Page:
5. Jakob Dylan, Seeing Things: I'm a sucker for all things related to the Dylan family, so a Jakob Dylan solo album was right up my alley. The spare instrumentation and introspective lyrics are exactly the sort of thing you'd expect from a solo record, but the warmth and occasionally even joy that permeates these songs is a welcome breath of fresh air.

4. The Walkmen, You & Me: Atmospheric, thumping, and jangly as all hell, it's everything I wanted the new My Morning Jacket album to be (but wasn't). The shout of "hey!" in the chorus of "Four Provinces" just invites you to shout along with it, and the reverb-heavy early days of rock and roll vibe that permeates the album is just perfect for these late-night tunes.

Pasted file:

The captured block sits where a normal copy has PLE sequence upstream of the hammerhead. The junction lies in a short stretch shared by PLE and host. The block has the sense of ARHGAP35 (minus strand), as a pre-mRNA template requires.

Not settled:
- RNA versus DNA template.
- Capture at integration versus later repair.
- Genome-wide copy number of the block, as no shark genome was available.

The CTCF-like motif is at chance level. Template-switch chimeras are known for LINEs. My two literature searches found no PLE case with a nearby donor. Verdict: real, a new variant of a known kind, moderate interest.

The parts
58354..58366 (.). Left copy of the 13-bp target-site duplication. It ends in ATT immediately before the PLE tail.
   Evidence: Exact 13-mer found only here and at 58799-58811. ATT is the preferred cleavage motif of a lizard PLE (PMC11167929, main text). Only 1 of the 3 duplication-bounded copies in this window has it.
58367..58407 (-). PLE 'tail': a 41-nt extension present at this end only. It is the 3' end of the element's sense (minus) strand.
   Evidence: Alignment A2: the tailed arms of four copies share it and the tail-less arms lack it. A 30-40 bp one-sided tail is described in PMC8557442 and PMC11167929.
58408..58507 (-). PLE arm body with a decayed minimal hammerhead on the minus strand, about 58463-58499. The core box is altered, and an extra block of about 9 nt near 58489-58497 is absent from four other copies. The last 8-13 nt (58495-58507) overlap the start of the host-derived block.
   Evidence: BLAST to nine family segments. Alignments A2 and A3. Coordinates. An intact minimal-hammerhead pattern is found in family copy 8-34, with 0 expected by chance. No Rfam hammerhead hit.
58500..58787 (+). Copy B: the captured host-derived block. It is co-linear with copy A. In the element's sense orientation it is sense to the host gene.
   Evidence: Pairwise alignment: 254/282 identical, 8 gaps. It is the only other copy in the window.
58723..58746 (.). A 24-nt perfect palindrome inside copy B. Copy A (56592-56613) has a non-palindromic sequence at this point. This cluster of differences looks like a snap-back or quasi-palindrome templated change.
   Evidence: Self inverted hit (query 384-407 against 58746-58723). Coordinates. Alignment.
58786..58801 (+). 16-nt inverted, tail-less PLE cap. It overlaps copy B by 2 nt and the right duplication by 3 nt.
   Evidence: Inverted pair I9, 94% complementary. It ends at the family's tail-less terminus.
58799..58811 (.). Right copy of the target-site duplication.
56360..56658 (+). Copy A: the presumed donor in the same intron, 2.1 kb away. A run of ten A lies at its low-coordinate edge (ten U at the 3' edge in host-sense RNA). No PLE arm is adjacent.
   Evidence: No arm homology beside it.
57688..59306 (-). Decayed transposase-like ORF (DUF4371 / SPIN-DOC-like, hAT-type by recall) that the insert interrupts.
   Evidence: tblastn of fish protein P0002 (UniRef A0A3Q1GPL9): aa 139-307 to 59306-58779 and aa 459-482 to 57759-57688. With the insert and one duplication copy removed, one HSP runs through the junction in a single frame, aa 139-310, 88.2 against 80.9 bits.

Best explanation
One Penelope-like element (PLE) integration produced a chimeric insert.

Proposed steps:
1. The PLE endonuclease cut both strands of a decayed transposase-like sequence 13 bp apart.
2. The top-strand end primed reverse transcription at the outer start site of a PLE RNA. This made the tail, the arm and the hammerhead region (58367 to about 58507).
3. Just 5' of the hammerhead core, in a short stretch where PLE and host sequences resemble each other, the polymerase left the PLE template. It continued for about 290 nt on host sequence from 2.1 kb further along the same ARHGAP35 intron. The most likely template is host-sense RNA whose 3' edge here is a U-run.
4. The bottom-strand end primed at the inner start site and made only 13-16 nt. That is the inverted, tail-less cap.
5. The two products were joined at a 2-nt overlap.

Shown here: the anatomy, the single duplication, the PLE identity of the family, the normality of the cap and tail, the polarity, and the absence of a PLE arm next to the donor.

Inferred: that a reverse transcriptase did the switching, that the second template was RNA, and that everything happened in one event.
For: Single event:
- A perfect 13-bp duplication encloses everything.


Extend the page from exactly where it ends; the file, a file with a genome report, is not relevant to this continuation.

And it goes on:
3. The Gaslight Anthem, The 59 Sound: Damn, Gina. Talk about energy and owing a debt to the Boss. Not only do they reference his songs in at least three or four tunes here (along with a passing nod to Tom Waits, Tom Petty, and probably a dozen other classic rockers), they manage to do so in a way that doesn't sound like a tribute band or as though they have to cop lyrics and motifs from their idols to make it. There's not a band song on here, from the thunderous opener "Great Expectations" to the title track (the most driving meditation on death and dying I've heard in ages), the Counting Crows-quoting "High and Lonesome," and the quieter closer "The Backseat," this is simply one of the best records I've heard all year.